end zone for a touchback. Johnson’s strip prevented the Bruins from closing to within three points and Utah’s offense took advantage by scoring on the change of possession to take a 24-6 lead. Yet another first-time starter, Koa Misi, led Utah with eight tackles and two of Utah’s five total sacks. Kicker Louie Sakoda scored 14 points, by making all three field goal attempts and all five PATs. Sakoda’s field goals were from 47, 45 and 44 yards out. Utah surprised the Bruins by playing true freshman Corbin Louks at quarterback in certain situations. Louks threw a 12-yard touchdown pass to true freshman tight end Dallin Rogers in the third quarter.
So in that game, Mack, Robert Johnson and Koa Misi all got their first starts for the Utes. RoJo really burst onto the stage single handedly ending three possessions for the Bruins. That game was a ton of fun.
Then the trip to Vegas happened the next week. We thought the Utes were back on track, oh boy, were we wrong. Again, I need to defer to the recap by the Utah AD, it’s painful but paints the picture:
LAS VEGAS—Utah failed to score for the first time in 14 years – falling to UNLV 27-0. Utah, which had not lost to the Rebels since 1979, trailed 13-0 after three quarters. UNLV scored twice in the fourth to put the game out of reach. Tommy Grady started the game but gave way to Brian Johnson in the second half. Johnson, making his first appearance since injuring his throwing shoulder in the first game of the season, moved the team to the 1-yard line on his first series but couldn’t score on fourth and goal. An incomplete pass on the next offensive drive stopped Utah on fourth and one at the UNLV 30- yard line. Darrell Mack was Utah’s lone offensive bright spot, rushing for 89 yards. Las Vegas native Stevenson Sylvester had a career-high 14 tackles (2.5 for a loss).
Yeah, it was a bad night in Vegas. When BJ came in in the second half, the large Utah crowd cheered, because the wounded warrior was back, but he couldn’t muster enough to help drag the Utes to the win. Frank Summers ran all over the Utes that game with 190 yards and a pair of scores. Frankly, walking back to my car after the game, I wondered if the Whittingham era, in it’s 3rd season, was going to come to an end, due to the 1-3 start, with 2 lossed to MWC teams, one of which was UNLV of all teams. Not to mention, Brian Johnson was playing with one arm, and not the good arm. It was a time of questions about the Utah football program. That thought would quickly fade as one of the best streaks in Utah football history was about to begin.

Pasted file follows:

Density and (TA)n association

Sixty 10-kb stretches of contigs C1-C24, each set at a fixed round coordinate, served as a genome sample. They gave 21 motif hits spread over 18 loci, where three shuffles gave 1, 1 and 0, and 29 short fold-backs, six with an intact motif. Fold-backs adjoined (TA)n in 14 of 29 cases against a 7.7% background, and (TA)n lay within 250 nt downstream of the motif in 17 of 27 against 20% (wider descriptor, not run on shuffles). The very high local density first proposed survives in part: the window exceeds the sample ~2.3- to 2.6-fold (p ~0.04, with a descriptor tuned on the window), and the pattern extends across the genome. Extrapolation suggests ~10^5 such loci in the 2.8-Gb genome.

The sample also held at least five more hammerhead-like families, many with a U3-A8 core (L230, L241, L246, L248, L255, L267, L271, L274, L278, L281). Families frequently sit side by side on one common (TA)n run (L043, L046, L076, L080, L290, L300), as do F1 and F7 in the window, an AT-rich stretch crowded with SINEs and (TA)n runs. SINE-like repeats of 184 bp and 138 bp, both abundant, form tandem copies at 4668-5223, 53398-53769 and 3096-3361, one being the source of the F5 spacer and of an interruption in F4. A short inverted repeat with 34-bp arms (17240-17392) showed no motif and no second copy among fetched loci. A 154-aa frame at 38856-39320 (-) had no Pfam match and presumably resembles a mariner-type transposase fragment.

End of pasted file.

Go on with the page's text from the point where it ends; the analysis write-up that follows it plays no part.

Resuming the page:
Utah won 8 of their next 9 games on the season (of course, 13+ more would come over the span of the next season-plus). A couple highlights really stand out. First up, Utah at Louisville. The Cardinals had a Heisman hopeful with Brian Brohm, and he was putting up a lot of yards and points. Utah jumped out to a 27-7 lead at halftime, really putting the fans back east on notice. Brian Johnson, with a bad arm, and a step slower than his freshman year because of his knee, tore Louisville apart with 24-of-31 passing for 312 yards and a touchdown. He also rushed for a touchdown. Darrell Mack rushed for a career- high 163 yards and continued to write his way into Utah’s history books. Utah had 582 yards on the game. That was more than double the output Utah had in the previous game against Utah State. Talk about the flipping of the script a little bit.
(Not the best quality on this video, and the music, is, uh, not the best either, but still fun to watch)
The next big win was over TCU, 27-20, in a defensive battle. I mean, it wasn’t pretty offensive football at all. Utah had 227 total yards while TCU had 285. Utah welcomed freshman Andy Dalton to college football by picking him off four times, including Martail Burnett’s pick six... yeah, Burnett was a defensive end, for those who don’t remember him. Receiver Marquis Wilson, the local from Juan Diego High School, had a career day with 73 yards and a touchdown, so he and Mack (100 yards again) were some offensive highlights.